The lack of pay rises within the industry while increases on living and minimum wages, has led to the gap between the two becoming non-existent in most cases. Despite the yearly published recommendation of wages from the governing bodies and relevant associations. For me though, this is part of the problem. With the limited support from these organisations at ground level regarding wages, members don’t directly benefit. Staff may see these recommended wages but how do we get this information onto the bosses? They have the tools and power to kick-start a change within the industry. Now I’m not slating these companies because at the end of the day they are businesses and need to make money, pay staff and most are doing fantastic things to help the industry. Especially with the current surge in online education. But more could be done -awareness isn’t working at the moment.
 
People power. I genuinely believe that together we can help remove this stigma. How? By taking these published recommended wages to our employers, not demanding a pay rise but putting forward the information. Making people aware of the situation. Now this may go positively or negatively. With the usual outcome being the company’s salary limitations. But this is where the problem has become much deeper, why has it been acceptable for these wages to be used. Even at high end sports clubs? Because somebody will always fill that position, a trainee looking to prove themselves, an experienced worker looking to step back, none skilled workers joining the industry or other staff within the organisation taking on the extra roles.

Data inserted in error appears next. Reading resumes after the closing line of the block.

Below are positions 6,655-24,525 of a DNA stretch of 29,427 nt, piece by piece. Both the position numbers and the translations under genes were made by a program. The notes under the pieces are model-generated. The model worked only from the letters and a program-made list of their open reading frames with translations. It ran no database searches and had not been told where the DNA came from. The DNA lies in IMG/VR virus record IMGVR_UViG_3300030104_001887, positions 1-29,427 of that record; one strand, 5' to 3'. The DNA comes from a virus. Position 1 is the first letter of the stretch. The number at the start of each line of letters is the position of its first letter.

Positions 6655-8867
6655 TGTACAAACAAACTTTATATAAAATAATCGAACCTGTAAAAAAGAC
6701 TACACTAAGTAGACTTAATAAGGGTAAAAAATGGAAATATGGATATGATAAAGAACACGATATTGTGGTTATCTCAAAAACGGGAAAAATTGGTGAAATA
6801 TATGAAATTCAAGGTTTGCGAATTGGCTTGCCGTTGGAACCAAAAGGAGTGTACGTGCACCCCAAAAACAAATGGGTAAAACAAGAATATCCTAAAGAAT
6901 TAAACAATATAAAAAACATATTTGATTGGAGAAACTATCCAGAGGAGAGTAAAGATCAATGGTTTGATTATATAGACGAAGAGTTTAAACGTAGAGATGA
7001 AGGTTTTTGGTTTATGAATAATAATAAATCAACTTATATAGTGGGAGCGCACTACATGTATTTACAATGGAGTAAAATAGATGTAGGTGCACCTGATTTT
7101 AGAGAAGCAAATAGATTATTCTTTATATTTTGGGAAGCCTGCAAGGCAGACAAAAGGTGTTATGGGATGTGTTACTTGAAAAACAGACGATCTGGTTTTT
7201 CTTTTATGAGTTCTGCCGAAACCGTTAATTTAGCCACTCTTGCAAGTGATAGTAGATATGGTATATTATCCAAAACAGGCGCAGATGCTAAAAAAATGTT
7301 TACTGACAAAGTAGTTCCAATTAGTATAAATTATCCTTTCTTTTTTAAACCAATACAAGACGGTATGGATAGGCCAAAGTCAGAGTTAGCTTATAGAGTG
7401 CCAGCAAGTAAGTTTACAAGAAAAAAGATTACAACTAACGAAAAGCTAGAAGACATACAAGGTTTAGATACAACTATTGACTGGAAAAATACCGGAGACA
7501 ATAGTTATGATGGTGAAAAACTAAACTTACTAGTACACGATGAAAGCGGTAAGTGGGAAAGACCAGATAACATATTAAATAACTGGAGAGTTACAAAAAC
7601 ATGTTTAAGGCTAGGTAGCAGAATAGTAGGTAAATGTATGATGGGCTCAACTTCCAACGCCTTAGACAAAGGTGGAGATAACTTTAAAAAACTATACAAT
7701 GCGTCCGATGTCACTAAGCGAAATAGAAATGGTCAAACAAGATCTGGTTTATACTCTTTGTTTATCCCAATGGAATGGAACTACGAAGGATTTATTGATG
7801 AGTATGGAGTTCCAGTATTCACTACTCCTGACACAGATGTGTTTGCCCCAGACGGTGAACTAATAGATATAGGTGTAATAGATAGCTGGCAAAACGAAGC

This all stems back to number crunching, business is business. Unfortunately sometimes it’s the same people who have power over the numbers that decide who gets what in return. Turf management isn’t a direct earner for a business. It’s typically green fees, sponsorship and winning competitions what keep these businesses going – but what’s forgotten is these businesses have a huge reliance on these turf surfaces to survive. Without grass a sports club is nothing, regardless of what people say. Unfortunately this is where the age old saying ‘anyone can cut grass’ comes into play. We know this couldn’t be more wrong. Education is key. Make people aware.
 
Now as I’ve mentioned before the industry is also very self destructive, harsh criticism typically on social media and an elite status to those who have made it to the top. Rightly so there’s a gap between those who have carried on education, gotten the experience and worked hard – but what’s learned is very rarely filtered back down into the industry. Just think how many volunteers we have in this industry. The industry is crying for help.

Benefits?

The standard line I see on most job adverts within the industry is ‘free parking and uniform’. Listed as a benefit! Totally unacceptable. I’d like to know how these people sleep at night, listing a near or minimum wage job, level 3 qualifications (min 2 years at college), work weekends with time in lieu with benefits like this? Other popular ones include %2 off gift cards, club shops or discounted gym memberships. Unbelievable, especially when some of these positions are working for employees that are paying players, managers and coaches thousands per week.
 
While you will see a lot of similar problems in other job roles around the world, nothing will be fixed if we don’t do anything.
Unfortunately, I’ve spoken with many who say ‘I just cut grass, it’ll never get better’ We have to unite on this.
 
What can we do as a collective? We have power. Let us know, comment, message or email us at internationalgreenkeepers@gmail.com
 
Written in 2020